Climate Education’s Relationship to Public Interest Technology at MIT and Beyond: an interview with Chris Rabe, Postdoctoral Associate, MIT Environmental Solutions Initiative

Scientists and technological innovators should pause at the early stages of technology and product incubation to question: What problem are we attempting to solve? Could we go deeper to the underlying cause of this problem?

Climate Education’s Relationship to Public Interest Technology at MIT and Beyond: an interview with Chris Rabe, Postdoctoral Associate, MIT Environmental Solutions Initiative

Question 1: What technologies are you working with, or have you worked with?

My work at MIT and beyond involves attempting to better understand, assess, and expand different aspects of climate education, with a focus on climate and environmental justice. In teaching projects, I engage with a number of different open source online tools that help students explore, identify, visualize and potentially address climate and environmental issues that inequitably affect people across different social identities like race, gender, class, and global location. These include a mix of Geographic Information System (GIS) tools such as ArcGIS, ArcGIS Story Maps, and the Environmental Protection Agency’s free mapping tool EJScreen. I also attempt to use other data sets, data visualizations and digital resources such EJAtlas, BU’s Visualizing Energy resource, and the CDC’s Environmental Justice Dashboard, to name a few.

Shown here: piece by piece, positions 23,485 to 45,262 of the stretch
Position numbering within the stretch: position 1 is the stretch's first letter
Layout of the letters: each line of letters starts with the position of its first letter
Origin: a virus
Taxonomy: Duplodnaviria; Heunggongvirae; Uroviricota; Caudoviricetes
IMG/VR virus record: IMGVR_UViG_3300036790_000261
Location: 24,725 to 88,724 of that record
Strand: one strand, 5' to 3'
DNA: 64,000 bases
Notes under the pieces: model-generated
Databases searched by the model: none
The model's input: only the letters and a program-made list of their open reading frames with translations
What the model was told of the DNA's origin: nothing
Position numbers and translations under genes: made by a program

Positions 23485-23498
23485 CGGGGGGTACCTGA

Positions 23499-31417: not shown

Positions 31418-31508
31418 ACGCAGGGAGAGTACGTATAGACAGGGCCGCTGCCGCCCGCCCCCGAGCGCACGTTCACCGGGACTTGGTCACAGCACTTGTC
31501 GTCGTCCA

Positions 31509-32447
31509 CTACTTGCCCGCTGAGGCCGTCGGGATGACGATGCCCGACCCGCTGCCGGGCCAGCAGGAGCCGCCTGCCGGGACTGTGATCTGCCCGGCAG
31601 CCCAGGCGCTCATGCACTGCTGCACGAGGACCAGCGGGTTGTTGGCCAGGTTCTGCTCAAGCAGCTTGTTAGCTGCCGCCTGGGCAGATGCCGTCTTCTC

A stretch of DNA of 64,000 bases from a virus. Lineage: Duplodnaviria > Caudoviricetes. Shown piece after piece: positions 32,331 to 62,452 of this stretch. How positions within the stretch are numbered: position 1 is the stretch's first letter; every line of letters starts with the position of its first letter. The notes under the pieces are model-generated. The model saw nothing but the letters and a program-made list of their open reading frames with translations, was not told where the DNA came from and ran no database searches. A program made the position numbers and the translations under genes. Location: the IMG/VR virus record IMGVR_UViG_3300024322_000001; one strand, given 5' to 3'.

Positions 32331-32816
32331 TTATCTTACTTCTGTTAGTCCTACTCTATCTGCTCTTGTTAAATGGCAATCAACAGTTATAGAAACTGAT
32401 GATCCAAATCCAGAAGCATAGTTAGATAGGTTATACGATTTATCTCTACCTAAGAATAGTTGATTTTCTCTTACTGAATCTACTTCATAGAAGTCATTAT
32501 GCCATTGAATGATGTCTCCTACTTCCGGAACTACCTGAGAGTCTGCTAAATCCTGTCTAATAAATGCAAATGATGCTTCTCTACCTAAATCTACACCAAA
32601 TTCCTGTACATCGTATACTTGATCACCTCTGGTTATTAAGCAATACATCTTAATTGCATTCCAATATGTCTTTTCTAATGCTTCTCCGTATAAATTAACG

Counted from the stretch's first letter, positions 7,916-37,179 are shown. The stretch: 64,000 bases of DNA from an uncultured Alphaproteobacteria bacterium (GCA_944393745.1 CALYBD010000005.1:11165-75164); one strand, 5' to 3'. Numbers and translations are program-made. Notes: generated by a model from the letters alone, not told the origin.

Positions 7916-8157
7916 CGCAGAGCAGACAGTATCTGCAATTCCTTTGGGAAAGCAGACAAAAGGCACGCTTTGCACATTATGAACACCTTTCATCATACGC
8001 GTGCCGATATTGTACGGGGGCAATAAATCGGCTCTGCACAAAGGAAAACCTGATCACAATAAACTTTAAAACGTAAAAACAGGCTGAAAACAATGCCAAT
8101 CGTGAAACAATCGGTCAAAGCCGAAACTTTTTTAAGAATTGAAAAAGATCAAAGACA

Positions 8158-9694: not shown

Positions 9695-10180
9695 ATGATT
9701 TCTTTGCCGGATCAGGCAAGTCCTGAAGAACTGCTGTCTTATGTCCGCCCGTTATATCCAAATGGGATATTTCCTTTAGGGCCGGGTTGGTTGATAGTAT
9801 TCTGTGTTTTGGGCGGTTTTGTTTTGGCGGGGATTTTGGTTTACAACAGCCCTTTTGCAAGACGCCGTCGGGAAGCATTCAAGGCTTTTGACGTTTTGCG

I also recently launched an open-source educational resource called the Climate Justice Instructional Toolkit. This Toolkit houses a wide-range of climate justice adaptable teaching modules, a starter guide for teaching climate justice, and other resources that can serve as supportive tools to enhance professor and instructor teaching content and approaches across MIT, and beyond. 

Question 2: How do you take account of MIT’s obligation to pursue the public interest in the work that you do?